• - Define limits for tourism to enhance the quality in the product;- Searching new business partners locally and internationally;- Stimulate innovation – example research alternatives in natural resources;- Exploit fossil resources of Aruba;- Create new tax structure by providing incentives (tax deductable) for people/business to help community;- Engagement of the private sector:  make them want to be involved in decision making process;  use the role of media in engaging the private sector;  Create small business association;- Motivate entrepreneurship:  Facilitate and reduce the obstacles (less fee‟s);  Open up deeper dialogue, to the cost-benefit of the move of the cargo harbor to Barcadera;  Create small business association;  Create a safe environment to stimulate entrepreneurship:  Protection intellectual property;  Private equity venture capital (general funds to co-subsidies starting business);  Use of database of professionals to evaluate business plans;- Create public-private ventures;- Educate managers by using tax facilities to stimulate and finance;- Reduce starting cost for business;- Guarantee investor protection (commercial risk of public limited liability company related to personal life);- Establish a Marine Biological Research Center (Faculty for MBRC);- Develop and execute International Center (support from the community);- Opleiding budget (upgrading) voor elke personeel (smart people + smart ideas);- Promote “on the job training”;- Attract foreign financial intuitions and experts to implement and develop future plans;- Create and establish alternative energy plans in areas along the cost of our island;- Stimulate and develop business opportunities in the medical service sector;- Evaluation of productivity in Aruba;- Small hotels making use of existing ones;- Stimulate agriculture for self sustaining;- Stimulate entrepreneurship:  Create market for fresh local food (fruits);  Use of the refinery harbor for cruise and cargo ships;  Improve conditions of employment in the private sector in order minimize the different between public and private sector (vacation pay, pension, child allowance etc.);  General regulation by law for the private workers ( example LMA);- More flexibility on the labor market (part time jobs);- Stimulate small and medium enterprise by proving incentives (more than just subsidies) (stimulate the role of AIB in this case);- Stimulate entrepreneurship in education through competition (awards) for new business ideas;- Benchmarking; 85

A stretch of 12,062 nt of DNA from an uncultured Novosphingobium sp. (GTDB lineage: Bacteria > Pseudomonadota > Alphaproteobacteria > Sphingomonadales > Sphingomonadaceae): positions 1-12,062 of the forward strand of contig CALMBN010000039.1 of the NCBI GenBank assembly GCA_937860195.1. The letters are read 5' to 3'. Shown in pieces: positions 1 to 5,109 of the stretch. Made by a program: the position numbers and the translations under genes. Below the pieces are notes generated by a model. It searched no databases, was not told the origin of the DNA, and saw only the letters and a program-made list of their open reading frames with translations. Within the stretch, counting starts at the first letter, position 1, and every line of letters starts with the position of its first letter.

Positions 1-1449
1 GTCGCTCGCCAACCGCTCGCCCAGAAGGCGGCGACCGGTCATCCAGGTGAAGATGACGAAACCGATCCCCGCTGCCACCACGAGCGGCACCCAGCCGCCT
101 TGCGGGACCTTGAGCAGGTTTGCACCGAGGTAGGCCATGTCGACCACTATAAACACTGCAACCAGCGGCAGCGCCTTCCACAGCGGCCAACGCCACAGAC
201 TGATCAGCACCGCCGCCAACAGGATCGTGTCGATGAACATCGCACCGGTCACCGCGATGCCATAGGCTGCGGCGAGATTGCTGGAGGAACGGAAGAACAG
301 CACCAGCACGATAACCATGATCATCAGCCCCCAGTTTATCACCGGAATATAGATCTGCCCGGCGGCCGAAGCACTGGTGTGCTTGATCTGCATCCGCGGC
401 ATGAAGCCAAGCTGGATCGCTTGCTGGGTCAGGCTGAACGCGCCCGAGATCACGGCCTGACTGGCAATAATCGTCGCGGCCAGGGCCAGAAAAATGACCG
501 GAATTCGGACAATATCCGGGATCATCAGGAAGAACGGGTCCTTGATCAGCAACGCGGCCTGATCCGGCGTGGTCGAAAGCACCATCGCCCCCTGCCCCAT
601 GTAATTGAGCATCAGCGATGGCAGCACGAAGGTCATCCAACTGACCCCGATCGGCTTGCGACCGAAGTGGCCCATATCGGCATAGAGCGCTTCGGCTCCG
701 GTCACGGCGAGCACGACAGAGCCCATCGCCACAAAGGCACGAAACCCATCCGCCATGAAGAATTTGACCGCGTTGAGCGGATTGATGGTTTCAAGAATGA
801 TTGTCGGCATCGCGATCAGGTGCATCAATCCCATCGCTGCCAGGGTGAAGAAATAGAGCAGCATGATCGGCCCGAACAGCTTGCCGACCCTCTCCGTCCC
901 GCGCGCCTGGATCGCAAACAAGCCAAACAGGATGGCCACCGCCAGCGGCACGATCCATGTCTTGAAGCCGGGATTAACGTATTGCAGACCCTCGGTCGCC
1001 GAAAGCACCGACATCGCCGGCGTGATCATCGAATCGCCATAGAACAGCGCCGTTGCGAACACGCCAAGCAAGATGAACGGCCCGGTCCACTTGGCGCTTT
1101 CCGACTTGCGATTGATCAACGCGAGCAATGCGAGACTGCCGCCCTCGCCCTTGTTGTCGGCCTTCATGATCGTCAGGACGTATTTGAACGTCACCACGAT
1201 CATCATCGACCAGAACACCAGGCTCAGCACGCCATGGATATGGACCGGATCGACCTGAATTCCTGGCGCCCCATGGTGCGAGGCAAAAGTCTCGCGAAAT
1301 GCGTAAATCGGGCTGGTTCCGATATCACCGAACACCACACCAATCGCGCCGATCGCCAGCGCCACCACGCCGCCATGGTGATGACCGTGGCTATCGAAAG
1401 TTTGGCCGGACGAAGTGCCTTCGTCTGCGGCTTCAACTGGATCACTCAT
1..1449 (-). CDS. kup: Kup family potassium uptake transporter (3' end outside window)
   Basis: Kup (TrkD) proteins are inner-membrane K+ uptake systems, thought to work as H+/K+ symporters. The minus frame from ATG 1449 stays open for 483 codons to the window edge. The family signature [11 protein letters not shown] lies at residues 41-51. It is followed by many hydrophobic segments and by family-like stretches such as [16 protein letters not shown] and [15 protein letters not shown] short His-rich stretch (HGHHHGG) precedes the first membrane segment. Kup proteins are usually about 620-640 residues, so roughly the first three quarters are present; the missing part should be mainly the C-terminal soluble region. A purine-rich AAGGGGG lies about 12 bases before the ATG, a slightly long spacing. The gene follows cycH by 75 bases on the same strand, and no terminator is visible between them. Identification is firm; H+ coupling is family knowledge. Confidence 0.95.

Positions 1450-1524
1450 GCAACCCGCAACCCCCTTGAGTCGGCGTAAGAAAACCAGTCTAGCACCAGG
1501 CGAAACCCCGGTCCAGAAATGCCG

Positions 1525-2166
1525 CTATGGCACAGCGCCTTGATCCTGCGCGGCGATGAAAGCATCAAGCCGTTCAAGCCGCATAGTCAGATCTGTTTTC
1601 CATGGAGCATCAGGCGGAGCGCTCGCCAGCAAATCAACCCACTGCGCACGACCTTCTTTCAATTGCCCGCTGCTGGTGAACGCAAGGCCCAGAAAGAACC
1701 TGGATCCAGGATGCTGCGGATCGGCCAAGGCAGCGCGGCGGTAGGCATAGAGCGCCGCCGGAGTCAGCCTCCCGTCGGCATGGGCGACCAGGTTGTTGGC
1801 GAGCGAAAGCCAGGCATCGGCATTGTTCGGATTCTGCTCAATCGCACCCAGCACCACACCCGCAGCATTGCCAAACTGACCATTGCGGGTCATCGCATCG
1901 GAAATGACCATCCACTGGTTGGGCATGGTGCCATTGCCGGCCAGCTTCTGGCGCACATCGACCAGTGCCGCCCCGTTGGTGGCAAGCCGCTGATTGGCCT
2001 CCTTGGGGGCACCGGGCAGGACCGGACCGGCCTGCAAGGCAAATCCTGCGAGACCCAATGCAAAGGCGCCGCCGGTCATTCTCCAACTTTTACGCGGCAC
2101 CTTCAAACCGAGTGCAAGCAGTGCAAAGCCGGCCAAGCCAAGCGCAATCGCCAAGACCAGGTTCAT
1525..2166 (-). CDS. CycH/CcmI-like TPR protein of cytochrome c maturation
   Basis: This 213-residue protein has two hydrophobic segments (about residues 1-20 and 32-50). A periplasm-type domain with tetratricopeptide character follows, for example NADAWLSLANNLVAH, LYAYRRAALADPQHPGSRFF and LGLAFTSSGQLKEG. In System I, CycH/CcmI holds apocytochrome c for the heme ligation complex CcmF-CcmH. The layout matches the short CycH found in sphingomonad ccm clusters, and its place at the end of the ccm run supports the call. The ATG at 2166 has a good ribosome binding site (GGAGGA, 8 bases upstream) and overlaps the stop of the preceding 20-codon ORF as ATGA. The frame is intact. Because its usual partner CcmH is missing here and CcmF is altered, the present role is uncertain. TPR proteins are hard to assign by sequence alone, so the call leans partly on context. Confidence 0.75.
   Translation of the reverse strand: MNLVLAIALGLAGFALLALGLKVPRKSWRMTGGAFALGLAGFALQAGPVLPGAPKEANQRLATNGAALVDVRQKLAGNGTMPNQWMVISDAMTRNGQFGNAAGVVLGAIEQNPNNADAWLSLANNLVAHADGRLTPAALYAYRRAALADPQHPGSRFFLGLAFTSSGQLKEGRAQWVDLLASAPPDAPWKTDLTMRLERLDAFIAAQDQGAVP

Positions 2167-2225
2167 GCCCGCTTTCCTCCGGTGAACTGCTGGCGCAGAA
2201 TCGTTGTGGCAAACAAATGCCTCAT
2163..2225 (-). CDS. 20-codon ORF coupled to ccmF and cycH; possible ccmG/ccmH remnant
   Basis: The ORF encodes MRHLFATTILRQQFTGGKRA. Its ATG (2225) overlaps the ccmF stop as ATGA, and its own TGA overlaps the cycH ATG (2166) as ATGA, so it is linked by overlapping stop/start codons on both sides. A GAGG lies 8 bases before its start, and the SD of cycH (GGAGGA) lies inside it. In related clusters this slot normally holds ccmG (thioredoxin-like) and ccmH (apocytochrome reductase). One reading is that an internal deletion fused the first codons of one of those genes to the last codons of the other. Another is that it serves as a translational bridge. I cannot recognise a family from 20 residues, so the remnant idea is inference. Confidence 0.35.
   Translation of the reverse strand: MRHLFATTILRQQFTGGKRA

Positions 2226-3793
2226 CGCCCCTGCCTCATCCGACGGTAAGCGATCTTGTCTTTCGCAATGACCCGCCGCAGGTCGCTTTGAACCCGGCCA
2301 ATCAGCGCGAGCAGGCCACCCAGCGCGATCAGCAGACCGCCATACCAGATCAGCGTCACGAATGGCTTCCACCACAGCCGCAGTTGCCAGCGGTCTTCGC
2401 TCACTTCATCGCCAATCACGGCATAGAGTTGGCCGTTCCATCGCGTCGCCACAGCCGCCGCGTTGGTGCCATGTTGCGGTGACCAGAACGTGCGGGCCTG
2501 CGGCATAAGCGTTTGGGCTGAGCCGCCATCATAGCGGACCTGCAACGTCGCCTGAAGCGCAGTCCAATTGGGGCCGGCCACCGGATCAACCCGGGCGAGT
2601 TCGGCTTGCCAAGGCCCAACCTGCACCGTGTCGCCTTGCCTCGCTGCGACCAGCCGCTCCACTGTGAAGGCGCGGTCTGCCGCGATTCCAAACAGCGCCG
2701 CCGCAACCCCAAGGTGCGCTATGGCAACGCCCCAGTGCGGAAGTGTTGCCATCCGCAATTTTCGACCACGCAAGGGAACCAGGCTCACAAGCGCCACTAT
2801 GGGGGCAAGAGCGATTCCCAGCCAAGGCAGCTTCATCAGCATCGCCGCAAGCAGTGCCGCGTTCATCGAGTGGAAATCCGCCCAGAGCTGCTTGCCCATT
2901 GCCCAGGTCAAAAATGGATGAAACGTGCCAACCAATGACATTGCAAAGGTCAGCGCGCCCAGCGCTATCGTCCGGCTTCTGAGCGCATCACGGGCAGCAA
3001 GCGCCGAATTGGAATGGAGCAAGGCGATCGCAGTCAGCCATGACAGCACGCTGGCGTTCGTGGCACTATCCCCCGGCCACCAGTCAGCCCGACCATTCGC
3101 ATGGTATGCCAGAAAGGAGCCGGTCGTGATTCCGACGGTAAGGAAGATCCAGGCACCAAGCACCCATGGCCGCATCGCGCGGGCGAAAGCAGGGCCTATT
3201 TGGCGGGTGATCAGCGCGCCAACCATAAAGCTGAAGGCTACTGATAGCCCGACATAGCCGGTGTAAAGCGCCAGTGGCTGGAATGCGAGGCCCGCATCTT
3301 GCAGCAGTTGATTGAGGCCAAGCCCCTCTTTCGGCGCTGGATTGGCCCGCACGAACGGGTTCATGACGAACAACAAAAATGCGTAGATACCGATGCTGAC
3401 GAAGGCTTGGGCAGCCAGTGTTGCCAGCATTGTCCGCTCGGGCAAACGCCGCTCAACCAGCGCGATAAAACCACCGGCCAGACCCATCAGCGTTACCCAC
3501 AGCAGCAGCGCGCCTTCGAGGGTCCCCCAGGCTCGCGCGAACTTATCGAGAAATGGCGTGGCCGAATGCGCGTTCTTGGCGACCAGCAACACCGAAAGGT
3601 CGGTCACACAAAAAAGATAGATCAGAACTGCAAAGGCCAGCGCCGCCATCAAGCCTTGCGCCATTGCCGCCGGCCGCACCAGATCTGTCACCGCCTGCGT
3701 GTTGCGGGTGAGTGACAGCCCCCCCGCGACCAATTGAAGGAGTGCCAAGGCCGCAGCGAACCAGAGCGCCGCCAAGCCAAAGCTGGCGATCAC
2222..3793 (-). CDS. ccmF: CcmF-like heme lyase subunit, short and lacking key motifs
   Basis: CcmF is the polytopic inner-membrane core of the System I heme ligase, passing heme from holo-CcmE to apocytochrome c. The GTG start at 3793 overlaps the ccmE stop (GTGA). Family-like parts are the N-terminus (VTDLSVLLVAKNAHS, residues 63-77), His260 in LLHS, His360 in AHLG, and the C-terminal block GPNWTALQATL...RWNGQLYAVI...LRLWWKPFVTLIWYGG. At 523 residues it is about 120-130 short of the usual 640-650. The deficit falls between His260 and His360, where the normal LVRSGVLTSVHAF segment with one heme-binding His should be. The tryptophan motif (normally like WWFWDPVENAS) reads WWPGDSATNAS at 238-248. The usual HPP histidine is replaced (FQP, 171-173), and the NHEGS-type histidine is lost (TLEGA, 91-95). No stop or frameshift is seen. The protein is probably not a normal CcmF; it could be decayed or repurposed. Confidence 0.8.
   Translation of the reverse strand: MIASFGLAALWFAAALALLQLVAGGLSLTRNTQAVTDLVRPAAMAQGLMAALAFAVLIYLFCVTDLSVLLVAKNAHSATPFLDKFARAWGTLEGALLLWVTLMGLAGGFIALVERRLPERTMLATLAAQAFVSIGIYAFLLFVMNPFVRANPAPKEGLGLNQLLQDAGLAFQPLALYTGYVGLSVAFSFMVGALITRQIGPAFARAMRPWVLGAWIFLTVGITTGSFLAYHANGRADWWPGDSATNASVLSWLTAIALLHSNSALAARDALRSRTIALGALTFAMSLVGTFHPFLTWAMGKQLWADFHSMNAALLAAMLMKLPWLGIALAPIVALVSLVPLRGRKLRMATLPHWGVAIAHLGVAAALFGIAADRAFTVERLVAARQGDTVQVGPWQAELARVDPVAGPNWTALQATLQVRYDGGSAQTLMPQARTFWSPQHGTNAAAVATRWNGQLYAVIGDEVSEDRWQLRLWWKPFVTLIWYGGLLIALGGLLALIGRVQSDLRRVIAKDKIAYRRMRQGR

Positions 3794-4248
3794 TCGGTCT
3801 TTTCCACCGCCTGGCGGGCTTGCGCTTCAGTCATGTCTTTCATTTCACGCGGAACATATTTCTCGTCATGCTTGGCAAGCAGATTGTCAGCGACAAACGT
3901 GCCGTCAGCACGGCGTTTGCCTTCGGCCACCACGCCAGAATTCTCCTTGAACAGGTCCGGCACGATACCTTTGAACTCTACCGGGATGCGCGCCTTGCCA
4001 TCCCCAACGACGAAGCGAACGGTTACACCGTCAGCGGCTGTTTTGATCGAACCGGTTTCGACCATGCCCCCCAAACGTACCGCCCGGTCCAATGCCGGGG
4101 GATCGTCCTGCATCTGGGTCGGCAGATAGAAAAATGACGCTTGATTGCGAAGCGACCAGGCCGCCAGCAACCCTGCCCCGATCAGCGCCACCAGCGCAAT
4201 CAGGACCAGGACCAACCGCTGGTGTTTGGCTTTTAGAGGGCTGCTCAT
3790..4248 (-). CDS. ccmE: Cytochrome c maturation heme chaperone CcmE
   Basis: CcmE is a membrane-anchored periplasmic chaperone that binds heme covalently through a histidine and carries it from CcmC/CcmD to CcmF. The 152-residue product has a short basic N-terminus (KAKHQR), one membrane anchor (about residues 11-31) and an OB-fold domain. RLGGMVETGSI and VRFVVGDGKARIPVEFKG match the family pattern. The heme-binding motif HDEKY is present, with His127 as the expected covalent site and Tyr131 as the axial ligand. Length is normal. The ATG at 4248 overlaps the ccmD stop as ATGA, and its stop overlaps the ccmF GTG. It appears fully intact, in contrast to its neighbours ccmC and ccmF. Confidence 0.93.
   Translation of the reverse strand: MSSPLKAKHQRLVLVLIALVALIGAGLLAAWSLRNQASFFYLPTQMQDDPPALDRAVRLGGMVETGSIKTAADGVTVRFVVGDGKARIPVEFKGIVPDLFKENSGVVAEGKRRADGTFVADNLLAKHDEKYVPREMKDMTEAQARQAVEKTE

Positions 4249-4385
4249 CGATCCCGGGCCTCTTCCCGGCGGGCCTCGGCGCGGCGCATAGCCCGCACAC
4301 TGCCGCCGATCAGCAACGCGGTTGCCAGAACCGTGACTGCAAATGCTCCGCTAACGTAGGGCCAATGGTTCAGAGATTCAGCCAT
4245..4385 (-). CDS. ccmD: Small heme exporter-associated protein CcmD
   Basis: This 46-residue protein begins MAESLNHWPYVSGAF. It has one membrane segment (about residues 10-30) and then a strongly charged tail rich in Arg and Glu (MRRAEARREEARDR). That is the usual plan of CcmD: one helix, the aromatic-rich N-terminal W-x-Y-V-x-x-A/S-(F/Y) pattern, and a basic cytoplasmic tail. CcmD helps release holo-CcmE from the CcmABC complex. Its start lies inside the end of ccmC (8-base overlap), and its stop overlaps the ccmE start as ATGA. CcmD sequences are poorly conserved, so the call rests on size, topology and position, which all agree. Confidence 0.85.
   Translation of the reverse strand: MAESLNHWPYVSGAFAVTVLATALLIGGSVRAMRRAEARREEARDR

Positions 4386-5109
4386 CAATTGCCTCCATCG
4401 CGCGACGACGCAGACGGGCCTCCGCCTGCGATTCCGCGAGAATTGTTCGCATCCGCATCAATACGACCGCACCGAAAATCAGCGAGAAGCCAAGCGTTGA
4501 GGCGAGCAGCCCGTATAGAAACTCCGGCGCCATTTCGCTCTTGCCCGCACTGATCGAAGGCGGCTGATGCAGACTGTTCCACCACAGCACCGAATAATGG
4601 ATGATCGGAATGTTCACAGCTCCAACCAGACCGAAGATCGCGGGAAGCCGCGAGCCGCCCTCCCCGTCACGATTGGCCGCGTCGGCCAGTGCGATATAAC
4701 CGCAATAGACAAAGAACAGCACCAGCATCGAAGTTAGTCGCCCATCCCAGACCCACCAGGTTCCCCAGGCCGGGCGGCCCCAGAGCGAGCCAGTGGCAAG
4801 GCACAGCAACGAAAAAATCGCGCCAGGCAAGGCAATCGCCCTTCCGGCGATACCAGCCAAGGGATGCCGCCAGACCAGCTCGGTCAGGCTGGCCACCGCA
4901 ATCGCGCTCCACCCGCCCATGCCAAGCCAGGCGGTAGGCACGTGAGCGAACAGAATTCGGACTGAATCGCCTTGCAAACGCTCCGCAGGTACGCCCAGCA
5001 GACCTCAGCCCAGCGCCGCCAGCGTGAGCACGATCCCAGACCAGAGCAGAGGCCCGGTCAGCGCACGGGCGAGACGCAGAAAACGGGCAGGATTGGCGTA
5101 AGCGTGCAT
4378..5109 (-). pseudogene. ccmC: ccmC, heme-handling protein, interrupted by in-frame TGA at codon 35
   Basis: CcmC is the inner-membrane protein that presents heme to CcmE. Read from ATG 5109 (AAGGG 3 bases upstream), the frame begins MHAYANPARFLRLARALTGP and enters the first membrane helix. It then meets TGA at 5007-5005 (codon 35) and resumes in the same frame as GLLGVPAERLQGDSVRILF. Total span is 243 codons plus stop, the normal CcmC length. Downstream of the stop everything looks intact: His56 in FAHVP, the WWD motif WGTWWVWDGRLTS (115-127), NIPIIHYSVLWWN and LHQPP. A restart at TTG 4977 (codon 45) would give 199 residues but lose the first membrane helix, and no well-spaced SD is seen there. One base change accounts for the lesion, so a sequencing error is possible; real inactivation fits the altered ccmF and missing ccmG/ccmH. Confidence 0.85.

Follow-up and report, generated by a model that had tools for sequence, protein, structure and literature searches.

• - Entrepreneurial opportunities for sustainable food supply;- Develop a Business Center to give support;- Minimize barriers for starting a business;- Better Business Bureau (Mededingingswetgeving) in order to have a fair competition (supervisory body);- Startup capital (venture);- Stimulate teachers to be leaders to encourage innovation;- Implement moratorium and stimulate investment in other sectors;- Create business opportunities in Energy Management;- Attract university abroad to come a do research in Aruba. (knowledge exchange, investments opportunities and stimulate community);- Make investments in our infrastructure;- Children: create equal opportunities to become people with smart ideas;- Policies and awareness to promote productivity;- Confidence in the product;- Stabilization of the economy to maintain quality;- Use Arubans to work;- Fiscal incentives especially for middle- and small businesses;- Create an environment to create smart ideas. Private equity venture capital: what the banks will not finance is being financed by this identity;- Educate the managers of businesses. Stimulate them to follow a course in business management;- Guarantee investments;- Education must be market driven;- Need more micro-market investment to start up businesses whereby do not have to make use of the banks;- It must be easy to start-up a business. Less bureaucracy. 86
    • 3.2.1 Sustained socio-economic development by means of diversificationIn the light of existent and future challenges to promote economic growth anddiversification the following fundamental sustainability questions can be posed: How canwe maintain and finance an affluent society given our limited (physical) resources, ourmono-industry focus (tourism) and a frail social system due to an unbalanced economicstructure?The challenge is to expand upon existent strengths and improve these where necessary tobe able to grasp and create opportunities. Emphasis should be put on creating a spin offand synergy in social-economic terms to expand the basis of generating (future) wealth forthe entire Aruban population.Diversification of the economy of Aruba has been on the agenda of several governmentsand private institutions for quite a long time. Efforts on both sides have only proven that todiversify the economy one has to engage in activities in which Aruba has its strengths anda comparative advantage.Aspiration“An increased quality of life based on a balance in the socio-economic sustainability ofAruba in 2025”This has succeeded through a significant shift in the composition of the GDP with tourismnot only being the main source of income and employment but income is also generated 87